RESEARCH SUPPORT, N.I.H., EXTRAMURAL
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Diagnosis of intussusception by physician novice sonographers in the emergency department.

STUDY OBJECTIVE: We investigate the performance characteristics of bedside emergency department (ED) ultrasonography by nonradiologist physician sonographers in the diagnosis of ileocolic intussusception in children.

METHODS: This was a prospective, observational study conducted in a pediatric ED of an urban tertiary care children's hospital. Pediatric emergency physicians with no experience in bowel ultrasonography underwent a focused 1-hour training session conducted by a pediatric radiologist. The session included a didactic component on sonographic appearances of ileocolic intussusception, review of images with positive and negative results for intussusceptions, and a hands-on component with a live child model. On completion of the training, a prospective convenience sample study was performed. Children were enrolled if they were to undergo diagnostic radiology ultrasonography for suspected intussusception. Bedside ultrasonography by trained pediatric emergency physicians was performed and interpreted as either positive or negative for ileocolic intussusception. Ultrasonographic studies were then performed by diagnostic radiologists, and their results were used as the reference standard. Test characteristics (sensitivity, specificity, positive and negative predictive values) and likelihood ratios were calculated.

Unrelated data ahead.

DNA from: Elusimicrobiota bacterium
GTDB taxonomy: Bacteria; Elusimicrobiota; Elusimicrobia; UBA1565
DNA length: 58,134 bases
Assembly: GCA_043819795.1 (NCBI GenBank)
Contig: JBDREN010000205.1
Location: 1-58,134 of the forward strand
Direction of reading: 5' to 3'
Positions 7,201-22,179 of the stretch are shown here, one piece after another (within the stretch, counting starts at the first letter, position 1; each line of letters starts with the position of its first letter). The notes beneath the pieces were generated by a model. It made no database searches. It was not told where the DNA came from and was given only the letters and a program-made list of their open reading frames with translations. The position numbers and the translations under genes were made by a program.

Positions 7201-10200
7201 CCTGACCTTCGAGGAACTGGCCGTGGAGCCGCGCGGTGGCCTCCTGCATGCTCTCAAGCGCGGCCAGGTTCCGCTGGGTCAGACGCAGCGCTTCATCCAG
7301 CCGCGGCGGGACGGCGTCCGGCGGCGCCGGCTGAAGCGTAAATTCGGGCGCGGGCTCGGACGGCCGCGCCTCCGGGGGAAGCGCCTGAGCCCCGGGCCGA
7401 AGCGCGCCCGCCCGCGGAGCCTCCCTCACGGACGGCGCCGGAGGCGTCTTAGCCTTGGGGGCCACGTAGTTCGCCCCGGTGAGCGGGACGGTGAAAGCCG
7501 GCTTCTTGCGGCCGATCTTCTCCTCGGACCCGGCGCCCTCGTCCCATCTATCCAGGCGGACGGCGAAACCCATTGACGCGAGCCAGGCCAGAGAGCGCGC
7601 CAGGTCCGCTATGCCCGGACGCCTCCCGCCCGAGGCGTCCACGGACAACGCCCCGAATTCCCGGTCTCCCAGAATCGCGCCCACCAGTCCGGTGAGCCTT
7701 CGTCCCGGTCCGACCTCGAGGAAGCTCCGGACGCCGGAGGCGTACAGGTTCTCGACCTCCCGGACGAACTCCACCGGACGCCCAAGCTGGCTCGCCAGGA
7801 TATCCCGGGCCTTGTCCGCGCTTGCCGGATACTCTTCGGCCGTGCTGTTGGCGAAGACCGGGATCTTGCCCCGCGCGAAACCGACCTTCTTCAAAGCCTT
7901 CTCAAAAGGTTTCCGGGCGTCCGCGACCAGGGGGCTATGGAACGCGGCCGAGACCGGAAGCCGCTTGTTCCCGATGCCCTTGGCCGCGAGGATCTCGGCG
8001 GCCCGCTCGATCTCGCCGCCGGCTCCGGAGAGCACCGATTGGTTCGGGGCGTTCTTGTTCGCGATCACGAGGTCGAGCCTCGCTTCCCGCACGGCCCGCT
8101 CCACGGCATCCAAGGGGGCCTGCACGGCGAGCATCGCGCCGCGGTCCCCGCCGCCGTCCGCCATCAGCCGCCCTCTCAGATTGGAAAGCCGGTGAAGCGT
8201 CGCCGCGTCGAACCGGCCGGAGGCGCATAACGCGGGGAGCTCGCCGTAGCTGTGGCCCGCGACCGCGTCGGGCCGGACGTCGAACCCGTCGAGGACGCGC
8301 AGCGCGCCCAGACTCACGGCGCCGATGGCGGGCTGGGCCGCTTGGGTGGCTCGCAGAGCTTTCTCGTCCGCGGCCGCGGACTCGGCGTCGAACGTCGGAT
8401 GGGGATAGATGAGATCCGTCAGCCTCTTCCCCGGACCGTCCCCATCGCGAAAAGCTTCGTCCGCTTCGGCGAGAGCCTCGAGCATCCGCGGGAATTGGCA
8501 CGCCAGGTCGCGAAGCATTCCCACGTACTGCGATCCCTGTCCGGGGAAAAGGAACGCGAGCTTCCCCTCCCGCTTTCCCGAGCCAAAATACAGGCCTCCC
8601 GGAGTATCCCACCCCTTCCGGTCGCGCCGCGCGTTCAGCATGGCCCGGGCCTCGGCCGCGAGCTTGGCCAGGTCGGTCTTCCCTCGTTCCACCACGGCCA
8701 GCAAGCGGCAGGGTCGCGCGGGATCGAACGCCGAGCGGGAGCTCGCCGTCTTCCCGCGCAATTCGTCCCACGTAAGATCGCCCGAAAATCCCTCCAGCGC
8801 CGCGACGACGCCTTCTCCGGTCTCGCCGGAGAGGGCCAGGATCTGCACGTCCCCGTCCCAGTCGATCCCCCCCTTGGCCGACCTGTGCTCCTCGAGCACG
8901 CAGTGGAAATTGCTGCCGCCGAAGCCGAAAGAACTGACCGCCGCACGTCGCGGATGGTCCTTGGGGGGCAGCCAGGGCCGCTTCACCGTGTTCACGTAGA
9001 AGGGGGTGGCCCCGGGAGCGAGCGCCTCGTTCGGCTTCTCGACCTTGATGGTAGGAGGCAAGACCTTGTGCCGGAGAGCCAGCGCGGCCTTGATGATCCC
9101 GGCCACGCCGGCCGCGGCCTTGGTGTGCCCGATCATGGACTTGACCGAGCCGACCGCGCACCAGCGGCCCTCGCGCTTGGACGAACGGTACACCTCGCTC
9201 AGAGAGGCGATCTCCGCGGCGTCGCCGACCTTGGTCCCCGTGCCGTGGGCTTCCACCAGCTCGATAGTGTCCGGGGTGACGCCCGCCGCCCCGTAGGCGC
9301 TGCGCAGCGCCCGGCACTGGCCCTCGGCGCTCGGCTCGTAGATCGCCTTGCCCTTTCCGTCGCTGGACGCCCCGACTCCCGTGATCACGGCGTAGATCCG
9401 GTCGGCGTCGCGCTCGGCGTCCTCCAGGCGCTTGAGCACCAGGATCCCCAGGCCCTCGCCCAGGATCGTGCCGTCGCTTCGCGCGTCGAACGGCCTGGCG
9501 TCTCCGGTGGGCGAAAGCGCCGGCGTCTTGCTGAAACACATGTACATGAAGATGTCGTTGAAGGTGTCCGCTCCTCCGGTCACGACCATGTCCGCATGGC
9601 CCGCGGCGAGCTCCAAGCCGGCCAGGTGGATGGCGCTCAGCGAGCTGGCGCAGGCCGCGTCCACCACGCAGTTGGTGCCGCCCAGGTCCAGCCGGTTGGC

RESULTS: Six pediatric emergency physicians completed the training and performed the bedside studies. Eighty-two patients were enrolled. The median age was 25 months (range 3 to 127 months). Thirteen patients (16%) received a diagnosis of ileocolic intussusception by diagnostic radiology. Bedside ultrasonography had a sensitivity of 85% (95% confidence interval [CI] 54% to 97%), specificity of 97% (95% CI 89% to 99%), positive predictive value of 85% (95% CI 54% to 97%), and negative predictive value of 97% (95% CI 89% to 99%). A positive bedside ultrasonographic result had a likelihood ratio of 29 (95% CI 7.3 to 117), and a negative bedside ultrasonographic result had a likelihood ratio of 0.16 (95% CI 0.04 to 0.57).

CONCLUSION: With limited and focused training, pediatric emergency physicians can accurately diagnose ileocolic intussusception in children by using bedside ultrasonography.

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